The church must be the place where gentle regard for each person is the universal and unbreakable rule. This will be possible only in the measure that the church is true to its own understanding of the inner life of God. Each person of the Trinity is uniquely held, and their unity provides the very ground of all that is. The God we worship is a community of mutually indwelling love. The inner life of God, though only glimpsed through faith, is the everlasting model of what the church is called to be: a community of persons of equal dignity, of equal worth, all with their own proper work complementary to that of the others, united in the perfection of love.
A Church That Looks Outward
We must understand “church” as a verb. It denotes an action, an ongoing activity. The church, rather than having a mission, is a mission. Defined by the action of Jesus Christ in the world, the church’s orientation is not toward itself, toward its own constitution or the protection of its own assets. The church’s movement is ad extra—that is, directed outward toward all those others, who, unlike the members of the church, have not heard a saving word, who stand in terrible need or terrifying fear, whose experience of the church in the past may have left scars.
The church of Christ is oriented in three fundamental directions, and each one commands the community’s attention. First, the church is oriented toward the world. The Second Vatican Council’s “Pastoral Constitution on the Church in the Modern World” insists from its opening words that the church must be concerned about the cares of the world and labor to bring healing to its deep and pervasive wounds. The council asserts as foundational that we, as the church, have been entrusted with the assurance of divine love and that this gift is not only for ourselves, but for us to share generously with all on the planet. This is as fundamentally true as is the statement that Jesus did not rise from the dead to new and lasting life for his own sake. He rose so that we all could share in that rising and in that new life.
Second, the church is oriented toward the kingdom. The church does not live to build up a kingdom of its own, no more than we as individual believers live for our own sake. The church lives as an instrument in the hand of God for the establishment of God’s kingdom. Jesus Christ preaches not himself, but the kingdom of God. The community gathered in the name of Jesus preaches Christ. But the message of Jesus in the Gospels is: “The kingdom of God is among you!” To carry this message requires the community of faith to assess all that we do in the light of that proclamation. Does this undertaking—this commitment of resources, this new project, this renewal of an aspect of the tradition—proclaim the truth that this world, wounded by sin, has been saved, and is destined for greatness? Even to pose this question is to recognize that we as the church do not belong to ourselves; we belong among those who yearn for the fulfillment of God’s reign over all.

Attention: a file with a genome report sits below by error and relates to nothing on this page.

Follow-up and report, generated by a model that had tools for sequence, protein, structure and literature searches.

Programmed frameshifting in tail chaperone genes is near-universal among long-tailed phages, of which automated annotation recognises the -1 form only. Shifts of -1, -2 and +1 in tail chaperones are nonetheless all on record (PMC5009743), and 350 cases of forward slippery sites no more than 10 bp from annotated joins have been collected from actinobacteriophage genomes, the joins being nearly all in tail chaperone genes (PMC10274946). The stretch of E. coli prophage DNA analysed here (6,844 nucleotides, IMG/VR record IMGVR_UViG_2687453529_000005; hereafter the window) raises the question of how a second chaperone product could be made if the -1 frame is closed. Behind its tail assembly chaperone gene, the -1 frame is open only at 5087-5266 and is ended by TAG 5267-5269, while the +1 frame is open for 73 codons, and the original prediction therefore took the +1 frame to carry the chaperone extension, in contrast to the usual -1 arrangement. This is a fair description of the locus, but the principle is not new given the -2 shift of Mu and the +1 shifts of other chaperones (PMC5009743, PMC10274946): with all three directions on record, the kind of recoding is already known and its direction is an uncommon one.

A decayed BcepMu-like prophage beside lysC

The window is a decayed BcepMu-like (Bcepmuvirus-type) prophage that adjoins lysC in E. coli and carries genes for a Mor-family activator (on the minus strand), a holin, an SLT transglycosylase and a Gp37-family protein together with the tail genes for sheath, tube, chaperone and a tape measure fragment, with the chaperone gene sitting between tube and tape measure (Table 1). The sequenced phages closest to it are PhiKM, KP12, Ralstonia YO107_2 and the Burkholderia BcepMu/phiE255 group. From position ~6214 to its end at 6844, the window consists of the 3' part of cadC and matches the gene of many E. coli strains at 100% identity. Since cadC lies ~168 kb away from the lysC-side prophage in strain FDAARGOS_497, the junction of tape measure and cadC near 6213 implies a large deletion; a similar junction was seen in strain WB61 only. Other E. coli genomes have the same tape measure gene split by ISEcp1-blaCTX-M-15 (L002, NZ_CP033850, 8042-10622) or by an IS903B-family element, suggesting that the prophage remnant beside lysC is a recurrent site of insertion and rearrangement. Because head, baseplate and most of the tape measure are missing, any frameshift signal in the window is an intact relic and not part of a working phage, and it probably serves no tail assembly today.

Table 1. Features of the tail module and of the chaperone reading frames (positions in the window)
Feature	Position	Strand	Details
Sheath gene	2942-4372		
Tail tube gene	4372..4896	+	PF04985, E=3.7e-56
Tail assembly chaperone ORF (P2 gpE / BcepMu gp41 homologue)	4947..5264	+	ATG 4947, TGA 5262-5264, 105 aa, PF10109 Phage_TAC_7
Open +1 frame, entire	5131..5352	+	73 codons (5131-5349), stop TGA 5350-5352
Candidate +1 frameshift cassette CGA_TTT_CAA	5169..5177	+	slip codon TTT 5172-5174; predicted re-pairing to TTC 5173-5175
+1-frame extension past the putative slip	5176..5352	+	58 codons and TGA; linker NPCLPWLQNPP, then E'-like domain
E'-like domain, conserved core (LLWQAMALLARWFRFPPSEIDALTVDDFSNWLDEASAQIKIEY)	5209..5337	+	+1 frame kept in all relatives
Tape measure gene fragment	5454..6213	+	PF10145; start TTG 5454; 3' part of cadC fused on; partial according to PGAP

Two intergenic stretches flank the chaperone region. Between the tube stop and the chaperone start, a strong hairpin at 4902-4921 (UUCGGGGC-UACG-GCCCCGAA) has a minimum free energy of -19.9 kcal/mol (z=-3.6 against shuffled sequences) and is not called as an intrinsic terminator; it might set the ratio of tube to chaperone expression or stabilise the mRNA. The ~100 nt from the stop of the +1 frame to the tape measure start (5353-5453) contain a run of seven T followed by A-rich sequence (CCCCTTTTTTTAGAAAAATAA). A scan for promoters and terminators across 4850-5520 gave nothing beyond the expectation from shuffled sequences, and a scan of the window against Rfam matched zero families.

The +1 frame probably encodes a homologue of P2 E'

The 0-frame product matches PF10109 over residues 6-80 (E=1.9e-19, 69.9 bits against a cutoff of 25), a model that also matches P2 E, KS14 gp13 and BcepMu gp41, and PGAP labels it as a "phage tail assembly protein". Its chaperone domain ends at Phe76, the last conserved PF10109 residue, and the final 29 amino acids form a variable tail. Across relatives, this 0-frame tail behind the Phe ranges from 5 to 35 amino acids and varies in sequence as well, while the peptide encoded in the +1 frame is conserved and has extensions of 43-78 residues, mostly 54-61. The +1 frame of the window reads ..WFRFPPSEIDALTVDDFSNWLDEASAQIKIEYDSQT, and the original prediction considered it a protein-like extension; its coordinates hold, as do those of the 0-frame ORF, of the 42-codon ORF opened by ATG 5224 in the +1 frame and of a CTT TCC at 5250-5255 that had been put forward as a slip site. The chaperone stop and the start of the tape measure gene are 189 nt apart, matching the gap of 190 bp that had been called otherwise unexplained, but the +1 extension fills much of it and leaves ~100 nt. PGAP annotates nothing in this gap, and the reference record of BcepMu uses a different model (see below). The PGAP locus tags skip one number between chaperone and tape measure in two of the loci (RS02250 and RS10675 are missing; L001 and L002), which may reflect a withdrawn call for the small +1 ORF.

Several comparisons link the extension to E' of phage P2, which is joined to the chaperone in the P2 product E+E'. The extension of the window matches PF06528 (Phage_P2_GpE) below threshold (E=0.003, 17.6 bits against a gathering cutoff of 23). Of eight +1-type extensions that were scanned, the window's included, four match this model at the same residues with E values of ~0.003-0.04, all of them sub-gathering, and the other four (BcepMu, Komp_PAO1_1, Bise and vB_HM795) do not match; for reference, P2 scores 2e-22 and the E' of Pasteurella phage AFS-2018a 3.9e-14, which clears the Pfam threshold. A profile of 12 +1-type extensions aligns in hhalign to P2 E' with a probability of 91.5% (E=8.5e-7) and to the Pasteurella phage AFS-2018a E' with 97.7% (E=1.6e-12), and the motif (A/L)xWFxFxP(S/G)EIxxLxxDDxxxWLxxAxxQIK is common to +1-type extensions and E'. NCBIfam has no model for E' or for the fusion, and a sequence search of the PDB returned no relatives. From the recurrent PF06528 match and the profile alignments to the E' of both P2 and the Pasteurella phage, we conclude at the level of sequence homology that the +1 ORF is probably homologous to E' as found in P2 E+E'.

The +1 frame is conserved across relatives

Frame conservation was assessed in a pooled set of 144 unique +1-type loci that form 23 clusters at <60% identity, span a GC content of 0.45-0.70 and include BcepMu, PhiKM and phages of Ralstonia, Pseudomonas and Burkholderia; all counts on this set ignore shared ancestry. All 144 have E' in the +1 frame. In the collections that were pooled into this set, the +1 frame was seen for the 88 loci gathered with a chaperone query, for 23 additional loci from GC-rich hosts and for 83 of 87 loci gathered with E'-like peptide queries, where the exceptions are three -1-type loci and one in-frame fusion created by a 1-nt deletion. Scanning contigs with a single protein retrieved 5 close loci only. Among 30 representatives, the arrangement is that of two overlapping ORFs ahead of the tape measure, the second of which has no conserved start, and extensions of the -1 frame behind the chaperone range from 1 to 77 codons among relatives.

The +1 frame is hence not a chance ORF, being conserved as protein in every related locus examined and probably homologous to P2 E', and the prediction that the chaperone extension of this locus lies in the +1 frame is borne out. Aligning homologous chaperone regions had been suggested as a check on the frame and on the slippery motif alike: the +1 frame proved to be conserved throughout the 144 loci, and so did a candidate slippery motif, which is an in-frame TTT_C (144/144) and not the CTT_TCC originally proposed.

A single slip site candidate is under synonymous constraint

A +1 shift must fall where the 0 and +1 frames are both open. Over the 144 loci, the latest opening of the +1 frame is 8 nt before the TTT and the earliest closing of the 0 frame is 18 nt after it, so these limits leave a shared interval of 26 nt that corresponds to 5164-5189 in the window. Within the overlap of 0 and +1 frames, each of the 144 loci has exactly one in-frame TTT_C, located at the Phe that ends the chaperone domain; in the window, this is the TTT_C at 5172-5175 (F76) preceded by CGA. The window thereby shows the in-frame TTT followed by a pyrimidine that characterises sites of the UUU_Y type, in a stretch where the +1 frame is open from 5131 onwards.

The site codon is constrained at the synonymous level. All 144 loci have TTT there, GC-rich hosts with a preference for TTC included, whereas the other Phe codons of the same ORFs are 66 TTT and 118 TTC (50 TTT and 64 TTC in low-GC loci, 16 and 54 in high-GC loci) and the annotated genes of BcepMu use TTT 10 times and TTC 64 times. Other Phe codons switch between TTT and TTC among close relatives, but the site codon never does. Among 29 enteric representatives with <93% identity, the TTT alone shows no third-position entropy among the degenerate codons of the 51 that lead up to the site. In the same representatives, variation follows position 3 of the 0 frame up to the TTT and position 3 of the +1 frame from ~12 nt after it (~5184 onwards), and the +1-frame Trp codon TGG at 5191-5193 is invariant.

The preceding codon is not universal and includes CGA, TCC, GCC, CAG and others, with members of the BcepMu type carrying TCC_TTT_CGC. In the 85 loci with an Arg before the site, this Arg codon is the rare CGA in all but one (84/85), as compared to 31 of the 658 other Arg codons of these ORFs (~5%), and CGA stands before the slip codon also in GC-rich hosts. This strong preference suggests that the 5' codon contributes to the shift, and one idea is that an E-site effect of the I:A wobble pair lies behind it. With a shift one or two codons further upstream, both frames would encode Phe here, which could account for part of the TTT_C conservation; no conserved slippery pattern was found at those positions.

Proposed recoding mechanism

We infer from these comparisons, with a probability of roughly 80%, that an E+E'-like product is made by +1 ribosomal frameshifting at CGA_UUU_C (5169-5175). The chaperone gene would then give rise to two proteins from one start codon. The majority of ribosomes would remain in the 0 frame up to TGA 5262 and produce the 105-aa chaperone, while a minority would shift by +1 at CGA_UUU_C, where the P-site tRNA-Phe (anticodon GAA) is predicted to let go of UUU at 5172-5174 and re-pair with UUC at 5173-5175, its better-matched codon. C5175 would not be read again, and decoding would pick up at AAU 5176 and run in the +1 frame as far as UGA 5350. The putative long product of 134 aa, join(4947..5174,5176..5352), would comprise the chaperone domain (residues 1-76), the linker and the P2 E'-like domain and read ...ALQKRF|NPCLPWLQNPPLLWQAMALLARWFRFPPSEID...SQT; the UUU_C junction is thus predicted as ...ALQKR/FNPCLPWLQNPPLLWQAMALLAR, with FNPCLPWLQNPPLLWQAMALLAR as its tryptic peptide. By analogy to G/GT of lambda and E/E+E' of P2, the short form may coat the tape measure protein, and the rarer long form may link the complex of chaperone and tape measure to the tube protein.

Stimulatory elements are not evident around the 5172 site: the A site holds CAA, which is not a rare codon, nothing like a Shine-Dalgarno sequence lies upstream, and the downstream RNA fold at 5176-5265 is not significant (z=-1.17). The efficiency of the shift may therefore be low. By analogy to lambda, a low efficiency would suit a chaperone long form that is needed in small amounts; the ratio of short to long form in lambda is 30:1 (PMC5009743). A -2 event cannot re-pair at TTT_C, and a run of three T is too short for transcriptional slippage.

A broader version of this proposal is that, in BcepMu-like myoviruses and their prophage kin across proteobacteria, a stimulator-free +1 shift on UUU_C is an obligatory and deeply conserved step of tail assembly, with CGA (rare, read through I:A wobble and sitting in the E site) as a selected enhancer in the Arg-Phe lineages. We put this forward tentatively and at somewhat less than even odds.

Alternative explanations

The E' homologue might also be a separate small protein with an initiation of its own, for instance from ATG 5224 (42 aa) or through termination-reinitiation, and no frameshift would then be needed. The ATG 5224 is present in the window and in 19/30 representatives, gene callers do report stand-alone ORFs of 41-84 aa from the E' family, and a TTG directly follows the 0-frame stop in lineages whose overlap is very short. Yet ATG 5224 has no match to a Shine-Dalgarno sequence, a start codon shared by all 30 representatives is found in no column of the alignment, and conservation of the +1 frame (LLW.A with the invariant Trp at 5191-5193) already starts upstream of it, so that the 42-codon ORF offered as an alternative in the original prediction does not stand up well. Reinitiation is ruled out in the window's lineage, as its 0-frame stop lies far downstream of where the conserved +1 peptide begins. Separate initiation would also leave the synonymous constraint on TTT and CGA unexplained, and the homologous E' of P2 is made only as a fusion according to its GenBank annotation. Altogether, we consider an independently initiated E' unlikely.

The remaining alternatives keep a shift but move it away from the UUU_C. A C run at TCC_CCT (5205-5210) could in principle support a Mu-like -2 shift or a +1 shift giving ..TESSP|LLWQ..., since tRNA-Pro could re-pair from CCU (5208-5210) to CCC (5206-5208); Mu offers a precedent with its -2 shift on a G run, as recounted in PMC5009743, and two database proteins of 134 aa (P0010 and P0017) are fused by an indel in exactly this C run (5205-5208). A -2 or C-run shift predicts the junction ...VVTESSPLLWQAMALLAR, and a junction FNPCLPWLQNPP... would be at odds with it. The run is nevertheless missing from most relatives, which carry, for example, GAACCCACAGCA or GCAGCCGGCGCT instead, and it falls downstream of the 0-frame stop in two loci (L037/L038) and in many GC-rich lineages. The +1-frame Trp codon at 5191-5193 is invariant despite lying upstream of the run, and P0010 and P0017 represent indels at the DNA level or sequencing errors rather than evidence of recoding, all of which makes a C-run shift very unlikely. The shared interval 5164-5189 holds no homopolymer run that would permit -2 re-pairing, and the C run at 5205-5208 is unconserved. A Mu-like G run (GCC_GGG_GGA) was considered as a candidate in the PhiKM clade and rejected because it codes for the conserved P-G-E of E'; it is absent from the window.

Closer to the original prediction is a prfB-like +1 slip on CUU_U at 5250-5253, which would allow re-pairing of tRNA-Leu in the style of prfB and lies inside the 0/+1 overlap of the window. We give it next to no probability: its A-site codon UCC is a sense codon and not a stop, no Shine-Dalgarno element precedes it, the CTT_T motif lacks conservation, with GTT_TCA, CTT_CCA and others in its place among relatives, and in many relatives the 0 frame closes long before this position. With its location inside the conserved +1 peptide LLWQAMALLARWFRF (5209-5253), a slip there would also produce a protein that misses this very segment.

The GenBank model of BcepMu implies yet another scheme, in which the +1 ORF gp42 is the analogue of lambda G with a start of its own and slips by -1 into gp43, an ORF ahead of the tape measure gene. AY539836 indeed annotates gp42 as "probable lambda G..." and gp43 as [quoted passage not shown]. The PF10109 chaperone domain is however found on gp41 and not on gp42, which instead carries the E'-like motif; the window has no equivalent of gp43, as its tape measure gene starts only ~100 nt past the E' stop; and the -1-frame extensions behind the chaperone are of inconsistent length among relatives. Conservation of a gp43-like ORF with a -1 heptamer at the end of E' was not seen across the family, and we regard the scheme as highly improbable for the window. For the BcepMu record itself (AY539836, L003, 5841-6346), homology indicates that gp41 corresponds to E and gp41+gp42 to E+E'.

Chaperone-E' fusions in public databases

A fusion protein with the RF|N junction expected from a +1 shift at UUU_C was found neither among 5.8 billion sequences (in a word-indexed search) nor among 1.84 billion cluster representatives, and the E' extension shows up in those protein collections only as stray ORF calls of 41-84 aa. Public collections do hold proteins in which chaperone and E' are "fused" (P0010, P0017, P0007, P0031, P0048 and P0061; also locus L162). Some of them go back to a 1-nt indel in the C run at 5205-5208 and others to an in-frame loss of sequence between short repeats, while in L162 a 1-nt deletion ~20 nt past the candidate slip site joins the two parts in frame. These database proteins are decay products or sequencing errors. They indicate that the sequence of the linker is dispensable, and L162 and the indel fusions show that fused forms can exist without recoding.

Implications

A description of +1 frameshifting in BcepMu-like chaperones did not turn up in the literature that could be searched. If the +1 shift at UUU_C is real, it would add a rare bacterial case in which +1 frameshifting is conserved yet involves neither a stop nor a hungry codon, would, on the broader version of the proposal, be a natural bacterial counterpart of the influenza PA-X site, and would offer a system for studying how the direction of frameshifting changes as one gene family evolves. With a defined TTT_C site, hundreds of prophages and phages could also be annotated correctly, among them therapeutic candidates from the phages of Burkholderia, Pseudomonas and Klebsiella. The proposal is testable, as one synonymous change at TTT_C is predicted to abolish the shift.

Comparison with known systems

This orientation toward the kingdom grounds this truth: our call is to worship God, to praise God together. Not because the kingdom has entirely come. Not because all is well in the church, but because God is worthy of our praise and worship. We give worship and praise because God is God. The church of the future, forward phalanx of the kingdom, is known as the people who constantly open mouths and hearts to praise God.
Third, the church of the future is oriented from the southern hemisphere. The growing edge of Christianity in Africa and South America challenges the church in Europe and North America: Do not give us money alone, as if solidarity in money would fill up what we owe to one another. Rather, listen together with us to what the Gospel of Jesus says to our present circumstances and to our hopes and possibilities for the future. Act together with us to strengthen and expand the community of believers throughout the world.
This orientation of a church “that looks outward” highlights the problem when the church is primarily concerned with itself, consuming energy either in agonizing over the state of affairs inside the church or looking fearfully at supposed enemies “outside.” When it is necessary for the church to concentrate on putting its own house in order, something is wrong in the house. The commitment of energy to inward problem-solving must be made as swiftly and effectively as possible. Why? Because it is in turning attention outward again that the church lives and grows in communion with its founder and guide.
A Joyous Church
The future church is a church of joy. It does not ignore humanity’s pain. But it is a community marked by absolute trust in the presence and faithfulness of God. This church—even when it knows itself to be sharing the darkness of the tomb with a war-weary and wounded humanity— affirms the Resurrection and manifests its joy. The church is eschatological by nature, straining forward with confidence.
These seven hopes for the future church are but an opening, an initiation. Developing this opening and deepening this initiation is the continuing work of all who are and will be the church.